The Magnificent Seven: A Photographic Guide

By Christina 

Samuel Johnson once said ‘when a man is tired of London, he is tired of life‘. Yawn. We’ve all had that quote shoved down our throats at some point. Yes yes, London is never boring, etc etc. However, if you really are tired of London life, and fancy a slice of London DEATH, the seven grand Victorian garden cemeteries are the places you must go! Havens of history, architecture, eternal rest, nature and peace, you must visit at least one during your time in London.

But what if you have time for only ONE of the seven? How do you choose which one to go to?

I have been digging through my photo archives of the last 3 years, hunting down all my hidden, forgotten cemetery photography that I never did anything with. And I’ve found photographs from all seven of the Mag 7, never before posted on this blog, or used, or even VIEWED in some cases. Have a scroll through and let these vast garden cemeteries capture your imagination.

Each one is free to visit (except Highgate EAST, where a donation of £4 is expected at the gate, and Highgate WEST, which is guided tours only)* and each one will provide you with exercise, a nature walk and a journey back in time, all in one go.

Top tip: wear appropriate footwear. And choose a sunny day!

Abney Park

Stoke Newington High Street, London  N16 0LH

Open from 8am year round (current closing time: 4.30pm)

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Come for the falling down Gothic chapel, stay for the wildlife. (We went in November. It was freezing. Wear warm clothes). It’s like a mythical forest inside a city. Perfect for escapism. 

Brompton Cemetery 

Fulham Road, London. SW10 9UG – South Gate. Old Brompton Road – North Gate

Open daily from 8am

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The ‘Open Air Cathedral’ hidden in plain sight in West London. 

Highgate Cemetery (East and West)

Highgate Cemetery, Swain’s Lane, London N6 6PJ

East side open from 10am Monday – Friday and from 11am Saturday. West side open for guided tours only.

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The West Side – stately, imposing, half hidden by foliage and full of Egyptian – inspired architecture 

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The East Side – more modern than it’s west side cousin. Home to Karl Marx and Douglas Adams among others. The more modern graves in the newer part of the cemetery include some truly creative memorials worth seeing.

Kensal Green Cemetery

Harrow Road., London W10 4RA

Open 9am – 6pm (April – September) and 9am – 5pm (October – March) Monday – Saturday, and 10am – 5/6pm Sundays.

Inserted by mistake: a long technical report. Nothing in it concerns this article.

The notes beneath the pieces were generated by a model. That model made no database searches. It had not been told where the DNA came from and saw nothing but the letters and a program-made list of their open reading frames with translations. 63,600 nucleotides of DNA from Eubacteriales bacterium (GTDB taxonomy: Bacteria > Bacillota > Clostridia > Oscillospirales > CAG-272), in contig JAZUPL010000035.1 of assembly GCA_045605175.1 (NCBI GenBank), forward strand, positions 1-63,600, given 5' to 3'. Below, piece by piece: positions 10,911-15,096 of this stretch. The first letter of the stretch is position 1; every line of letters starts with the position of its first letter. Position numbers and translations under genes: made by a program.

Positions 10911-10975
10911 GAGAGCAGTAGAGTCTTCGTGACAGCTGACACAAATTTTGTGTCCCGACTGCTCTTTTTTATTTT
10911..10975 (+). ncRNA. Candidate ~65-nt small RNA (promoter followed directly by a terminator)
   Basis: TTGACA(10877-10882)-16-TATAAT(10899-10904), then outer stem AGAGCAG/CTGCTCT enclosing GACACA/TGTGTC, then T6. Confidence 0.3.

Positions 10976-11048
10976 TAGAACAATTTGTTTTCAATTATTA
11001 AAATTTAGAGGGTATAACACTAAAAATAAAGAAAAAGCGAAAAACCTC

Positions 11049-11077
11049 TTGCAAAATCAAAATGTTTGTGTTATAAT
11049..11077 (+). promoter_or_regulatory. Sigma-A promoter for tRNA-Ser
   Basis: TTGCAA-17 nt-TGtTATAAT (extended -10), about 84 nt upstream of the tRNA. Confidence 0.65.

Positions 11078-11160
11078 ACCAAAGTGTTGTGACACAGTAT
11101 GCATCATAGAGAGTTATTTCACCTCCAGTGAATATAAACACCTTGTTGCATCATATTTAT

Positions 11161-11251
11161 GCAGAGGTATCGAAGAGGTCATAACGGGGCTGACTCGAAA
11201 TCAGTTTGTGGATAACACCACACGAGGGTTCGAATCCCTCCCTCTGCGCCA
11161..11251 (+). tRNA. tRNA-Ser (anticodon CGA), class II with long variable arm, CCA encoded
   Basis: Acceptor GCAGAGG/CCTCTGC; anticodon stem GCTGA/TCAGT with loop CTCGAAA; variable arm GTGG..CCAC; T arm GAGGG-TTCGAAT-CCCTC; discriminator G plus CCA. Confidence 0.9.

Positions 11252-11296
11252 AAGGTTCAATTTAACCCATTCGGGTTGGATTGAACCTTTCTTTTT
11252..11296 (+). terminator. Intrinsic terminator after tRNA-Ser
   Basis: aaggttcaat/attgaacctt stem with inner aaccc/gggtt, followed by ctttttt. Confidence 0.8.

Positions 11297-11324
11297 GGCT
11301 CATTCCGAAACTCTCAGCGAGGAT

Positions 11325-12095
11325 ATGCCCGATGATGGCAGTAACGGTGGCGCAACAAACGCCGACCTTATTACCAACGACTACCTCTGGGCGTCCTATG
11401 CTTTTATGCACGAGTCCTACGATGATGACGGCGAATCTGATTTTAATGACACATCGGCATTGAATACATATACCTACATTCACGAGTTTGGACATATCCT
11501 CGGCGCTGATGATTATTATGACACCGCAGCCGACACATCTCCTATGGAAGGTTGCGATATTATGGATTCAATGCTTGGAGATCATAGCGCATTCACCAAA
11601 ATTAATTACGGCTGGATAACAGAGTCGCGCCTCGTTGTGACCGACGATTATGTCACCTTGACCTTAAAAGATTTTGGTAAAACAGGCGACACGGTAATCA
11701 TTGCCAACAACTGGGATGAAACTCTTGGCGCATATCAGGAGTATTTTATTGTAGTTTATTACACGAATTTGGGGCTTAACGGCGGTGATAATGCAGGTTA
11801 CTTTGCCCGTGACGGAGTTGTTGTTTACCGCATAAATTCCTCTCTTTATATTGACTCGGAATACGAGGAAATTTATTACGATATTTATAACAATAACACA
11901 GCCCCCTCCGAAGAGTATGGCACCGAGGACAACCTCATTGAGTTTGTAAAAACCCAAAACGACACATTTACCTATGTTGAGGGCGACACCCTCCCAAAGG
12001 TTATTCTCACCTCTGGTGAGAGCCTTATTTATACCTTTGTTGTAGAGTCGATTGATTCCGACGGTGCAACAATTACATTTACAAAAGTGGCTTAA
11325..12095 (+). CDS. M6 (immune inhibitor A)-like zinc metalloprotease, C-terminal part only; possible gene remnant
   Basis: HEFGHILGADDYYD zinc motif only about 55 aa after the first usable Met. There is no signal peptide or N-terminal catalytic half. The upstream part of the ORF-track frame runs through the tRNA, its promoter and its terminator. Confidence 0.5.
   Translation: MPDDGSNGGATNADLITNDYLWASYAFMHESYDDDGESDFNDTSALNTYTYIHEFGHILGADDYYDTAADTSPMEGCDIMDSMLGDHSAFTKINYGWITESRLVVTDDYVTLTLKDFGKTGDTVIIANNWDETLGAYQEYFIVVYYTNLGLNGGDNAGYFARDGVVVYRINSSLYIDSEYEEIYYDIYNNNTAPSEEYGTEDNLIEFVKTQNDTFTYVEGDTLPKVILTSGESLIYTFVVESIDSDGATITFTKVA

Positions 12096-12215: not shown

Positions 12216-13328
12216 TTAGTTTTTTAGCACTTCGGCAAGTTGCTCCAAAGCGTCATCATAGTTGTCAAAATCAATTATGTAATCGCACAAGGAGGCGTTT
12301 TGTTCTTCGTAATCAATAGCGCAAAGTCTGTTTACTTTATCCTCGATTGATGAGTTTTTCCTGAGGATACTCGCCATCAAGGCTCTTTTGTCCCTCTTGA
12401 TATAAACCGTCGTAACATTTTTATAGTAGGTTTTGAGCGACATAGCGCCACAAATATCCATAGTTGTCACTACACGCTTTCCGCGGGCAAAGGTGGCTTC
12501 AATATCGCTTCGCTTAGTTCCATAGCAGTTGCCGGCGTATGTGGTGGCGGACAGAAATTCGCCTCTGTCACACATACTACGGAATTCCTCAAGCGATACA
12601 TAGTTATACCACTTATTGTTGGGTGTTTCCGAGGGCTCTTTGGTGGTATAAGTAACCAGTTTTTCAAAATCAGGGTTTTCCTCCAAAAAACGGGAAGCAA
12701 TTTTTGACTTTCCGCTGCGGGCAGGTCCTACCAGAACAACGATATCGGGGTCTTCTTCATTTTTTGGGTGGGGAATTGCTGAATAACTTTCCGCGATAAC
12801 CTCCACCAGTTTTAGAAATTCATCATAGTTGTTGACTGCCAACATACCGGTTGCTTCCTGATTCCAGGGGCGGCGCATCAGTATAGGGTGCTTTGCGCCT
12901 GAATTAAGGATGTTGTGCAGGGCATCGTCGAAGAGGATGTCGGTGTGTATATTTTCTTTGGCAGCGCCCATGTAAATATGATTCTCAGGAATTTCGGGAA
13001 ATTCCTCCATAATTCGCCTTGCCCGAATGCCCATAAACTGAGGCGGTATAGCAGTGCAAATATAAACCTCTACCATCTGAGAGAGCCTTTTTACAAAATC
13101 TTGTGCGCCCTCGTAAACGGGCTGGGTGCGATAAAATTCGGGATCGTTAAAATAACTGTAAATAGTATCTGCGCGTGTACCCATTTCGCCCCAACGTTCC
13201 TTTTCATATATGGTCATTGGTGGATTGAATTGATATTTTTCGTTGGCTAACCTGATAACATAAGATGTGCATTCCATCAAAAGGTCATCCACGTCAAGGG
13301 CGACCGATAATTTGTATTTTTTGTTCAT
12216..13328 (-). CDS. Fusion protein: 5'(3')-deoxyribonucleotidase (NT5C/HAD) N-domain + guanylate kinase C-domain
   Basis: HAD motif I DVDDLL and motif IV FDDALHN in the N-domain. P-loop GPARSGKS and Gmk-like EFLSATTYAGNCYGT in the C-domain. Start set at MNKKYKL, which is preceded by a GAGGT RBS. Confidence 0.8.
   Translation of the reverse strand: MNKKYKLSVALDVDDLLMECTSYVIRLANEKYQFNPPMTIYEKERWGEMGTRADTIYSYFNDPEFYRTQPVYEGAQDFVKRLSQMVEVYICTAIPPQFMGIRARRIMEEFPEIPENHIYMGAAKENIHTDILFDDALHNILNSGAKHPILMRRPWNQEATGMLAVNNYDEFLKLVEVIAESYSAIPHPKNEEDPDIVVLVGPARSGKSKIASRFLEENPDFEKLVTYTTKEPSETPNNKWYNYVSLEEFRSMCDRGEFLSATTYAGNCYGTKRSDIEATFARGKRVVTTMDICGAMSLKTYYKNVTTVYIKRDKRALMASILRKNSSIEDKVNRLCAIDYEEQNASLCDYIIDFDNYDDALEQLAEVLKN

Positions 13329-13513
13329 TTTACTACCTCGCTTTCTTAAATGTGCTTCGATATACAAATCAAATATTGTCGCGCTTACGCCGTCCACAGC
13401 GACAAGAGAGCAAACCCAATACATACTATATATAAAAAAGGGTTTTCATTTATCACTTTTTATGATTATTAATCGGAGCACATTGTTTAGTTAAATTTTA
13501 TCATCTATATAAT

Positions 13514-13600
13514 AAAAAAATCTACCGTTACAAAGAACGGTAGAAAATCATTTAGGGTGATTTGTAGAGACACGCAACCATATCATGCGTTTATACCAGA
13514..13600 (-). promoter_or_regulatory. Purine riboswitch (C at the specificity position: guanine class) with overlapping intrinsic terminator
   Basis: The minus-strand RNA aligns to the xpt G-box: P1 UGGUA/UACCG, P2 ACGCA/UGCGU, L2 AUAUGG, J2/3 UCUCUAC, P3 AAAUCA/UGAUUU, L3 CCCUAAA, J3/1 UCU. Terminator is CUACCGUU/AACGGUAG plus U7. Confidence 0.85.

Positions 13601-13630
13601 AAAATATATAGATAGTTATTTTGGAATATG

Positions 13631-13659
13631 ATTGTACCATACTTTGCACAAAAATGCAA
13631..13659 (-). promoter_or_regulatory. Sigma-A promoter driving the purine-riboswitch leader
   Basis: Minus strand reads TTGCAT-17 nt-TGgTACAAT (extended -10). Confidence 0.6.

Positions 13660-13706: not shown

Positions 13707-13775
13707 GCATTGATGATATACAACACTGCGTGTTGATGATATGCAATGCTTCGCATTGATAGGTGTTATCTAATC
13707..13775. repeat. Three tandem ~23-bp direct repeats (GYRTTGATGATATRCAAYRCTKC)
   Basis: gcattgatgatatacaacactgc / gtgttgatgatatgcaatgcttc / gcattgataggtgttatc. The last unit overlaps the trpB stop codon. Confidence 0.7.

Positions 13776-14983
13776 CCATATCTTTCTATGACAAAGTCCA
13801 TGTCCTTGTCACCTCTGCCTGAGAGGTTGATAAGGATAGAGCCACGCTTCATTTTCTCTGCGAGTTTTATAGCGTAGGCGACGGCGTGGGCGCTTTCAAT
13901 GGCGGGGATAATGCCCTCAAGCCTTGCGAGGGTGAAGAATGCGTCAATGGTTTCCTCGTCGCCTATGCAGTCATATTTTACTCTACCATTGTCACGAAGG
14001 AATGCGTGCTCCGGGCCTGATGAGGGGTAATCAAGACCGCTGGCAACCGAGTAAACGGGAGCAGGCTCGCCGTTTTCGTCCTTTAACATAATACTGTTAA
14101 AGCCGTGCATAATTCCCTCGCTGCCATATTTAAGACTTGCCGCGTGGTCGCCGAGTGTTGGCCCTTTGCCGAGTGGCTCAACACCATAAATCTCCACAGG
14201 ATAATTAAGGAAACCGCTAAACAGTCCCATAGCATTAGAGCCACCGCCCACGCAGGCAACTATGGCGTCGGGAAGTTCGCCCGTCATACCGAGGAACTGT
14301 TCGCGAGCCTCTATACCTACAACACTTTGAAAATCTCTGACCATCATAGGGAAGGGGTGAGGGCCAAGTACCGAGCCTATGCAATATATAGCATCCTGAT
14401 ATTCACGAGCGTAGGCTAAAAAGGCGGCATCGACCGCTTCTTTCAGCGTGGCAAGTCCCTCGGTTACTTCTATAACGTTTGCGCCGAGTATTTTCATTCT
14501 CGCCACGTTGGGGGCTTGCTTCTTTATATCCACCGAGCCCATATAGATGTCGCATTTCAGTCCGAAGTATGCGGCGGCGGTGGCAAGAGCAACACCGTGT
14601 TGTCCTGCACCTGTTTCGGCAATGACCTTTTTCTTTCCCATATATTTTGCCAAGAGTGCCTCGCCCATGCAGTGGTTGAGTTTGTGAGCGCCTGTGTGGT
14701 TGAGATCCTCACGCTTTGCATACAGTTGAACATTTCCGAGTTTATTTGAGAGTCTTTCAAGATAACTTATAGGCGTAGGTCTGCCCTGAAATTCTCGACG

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Sheldon, dressed as the 4th Doctor, explores the graves at Kensal, January 2013

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Kensal Green is vast, and hard to cover in one visit. My top tip: plan carefully for your visit. Which graves do you most want to see? And as demonstrated in the above photo…it can get quite muddy.

Nunhead Cemetery (I particularly like their web page, because it even tells you what digit to put into your Sat Nav if it requires a street number! You have to be impressed by this sort of attention to detail).

Linden Grove, London SE15 3L

Open 8.30am – 4pm during the winter, and ‘open slightly later’ in the summer

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Visiting Nunhead is like a walk in the woods. In the middle of urban south London. And it’s easy to get lost, so make sure you pay attention when walking further and further into the cemetery. The winding pathways lead you up a hill, and there’s a great view across to St Paul’s Cathedral from the top.

Tower Hamlets Cemetery Park

Southern Grove, London E3 4PX

Open from dawn until dusk.

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Old meets new at Tower Hamlets

Walking through Tower Hamlets Cemetery Park, you really get the sense that nature is trying to take back the city, and reclaim this bit of history for itself.

West Norwood Cemetery

Norwood Road, London SE27

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May I recommend you visit Norwood in the springtime? So much life in such a dead place!

All photos by Christina Owen

Except for the first photo of the chapel at Abney, taken by Stephen Roberts

*if you want to get pedantic about it, it’s £12 to visit Highgate West and you can visit the east side on that ticket too! 

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One Response to The Magnificent Seven: A Photographic Guide

  1. Pingback: Radiography Going Underground at St Bride’s church | Manufactured Bodies

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